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General installs new USA Western Territory leaders

General installs new USA Western Territory leaders

General installs new USA Western Territory leaders

12 January 2017

General André Cox speaks at The Salvation Army Tustun Ranch Corps' annual New Year's Eve dinner and concert.

By Christin Thieme

General André Cox and Commissioner Silvia Cox (World President of Women’s Ministries) rang in the New Year in southern California during a visit to the USA Western Territory to install new territorial leaders, Commissioners Kenneth and Jolene Hodder.

The Hodders, Territorial Commander and Territorial President of Women’s Ministries respectively, return to the territory after 11 years of international service at International Headquarters in London and two terms in Kenya.

“They are uniquely qualified to lead this territory forward in achieving all that God has in store for the West,” said the General at the installation service, held at Tustin Ranch Corps. “All the things they have witnessed have enriched their lives and, by God’s grace, he has placed them home in the West for a purpose.”

The General revealed during the commissioners' most recent appointment, as leaders of the Kenya West Territory, that throughout 2016, the territory opened a new corps every nine days and grew its ranks by 9,000 new soldiers.

General Andre CoxGeneral André Cox enrolls junior and senior soldiers in The Salvation Army during the united Latino rally at Los Angeles Central Corps. Photo: John Docter

In his Bible message, Commissioner Kenneth Hodder spoke from 1 Corinthians 2:1-5, where Paul explains how people's limitations are natural and essential to the proclamation of the gospel. Paul’s fundamental message, he said, is humility.

He then challenged the congregation and those who watched the meeting via live stream. “As we begin our work together, let us recommit ourselves as individuals, as a territory, as an Army, to Christ and his purposes. May we bring all that we are – as weak and fallible as we are – to him for him to use.”

A week earlier, on New Year's Eve, the international and territorial leaders visited the rehearsal of The Salvation Army's Tournament of Roses Band. For the 98th year on 2 January, the band – this year comprised of members of the Western Territory and the Oslo (Norway) Temple Band – marched in the Rose Parade in Pasadena, California. A Salvation Army band has marched in the parade since 1920, making it the longest-serving band in the parade’s history.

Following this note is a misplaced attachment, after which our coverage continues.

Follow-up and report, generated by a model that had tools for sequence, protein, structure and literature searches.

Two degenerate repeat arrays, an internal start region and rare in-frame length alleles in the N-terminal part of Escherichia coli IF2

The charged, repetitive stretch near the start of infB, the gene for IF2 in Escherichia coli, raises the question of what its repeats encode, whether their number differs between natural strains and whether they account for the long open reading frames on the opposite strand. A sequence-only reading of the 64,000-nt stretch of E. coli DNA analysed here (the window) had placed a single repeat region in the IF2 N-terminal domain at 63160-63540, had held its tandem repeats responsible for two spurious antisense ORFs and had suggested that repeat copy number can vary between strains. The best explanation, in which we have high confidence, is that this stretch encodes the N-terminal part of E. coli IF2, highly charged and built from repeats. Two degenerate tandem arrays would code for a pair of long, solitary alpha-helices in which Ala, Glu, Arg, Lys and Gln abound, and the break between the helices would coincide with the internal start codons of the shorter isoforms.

Rose ParadeTimbrelist Hanah Navarro (left), from Torrances, California, rehearses for the Rose Parade.

The General delivered a message that evening at Tustin Ranch Corps' annual New Year’s Eve dinner and concert, featuring the Tustin Ranch Band and Oslo Temple Band. General Cox recognised that the events of 2017 are, as yet, still unknown.

“As we stand on the threshold of 2017, this is not a time for us to shy away,” he said. “This is a time when God’s people need to be mobilised, to spread the good news of Jesus Christ, to show the light of God’s love to the world.”

On New Year’s Day, over 700 people congregated at the Los Angeles Central Corps’ united Latino worship service. The service featured a united brass band from six local corps, a kids' choir from five corps, and a praise and worship team from three corps. The General enrolled 29 junior soldiers and more than 40 senior soldiers from across southern California.

Many people of all ages responded to the General’s altar call to renew their vows with God or to accept Jesus as their saviour. “We are not called to remain in 2017 as we were in 2016, because God wants to create something new in our lives,” he said. 

WorshipA praise and woship team leads worship during the the united Latino rally at the Los Angeles Central Corps. Photo by John Docter.

Christin Thieme is the Editor-in-Chief and Literary Secretary for the USA Western Territory.

 

 

 

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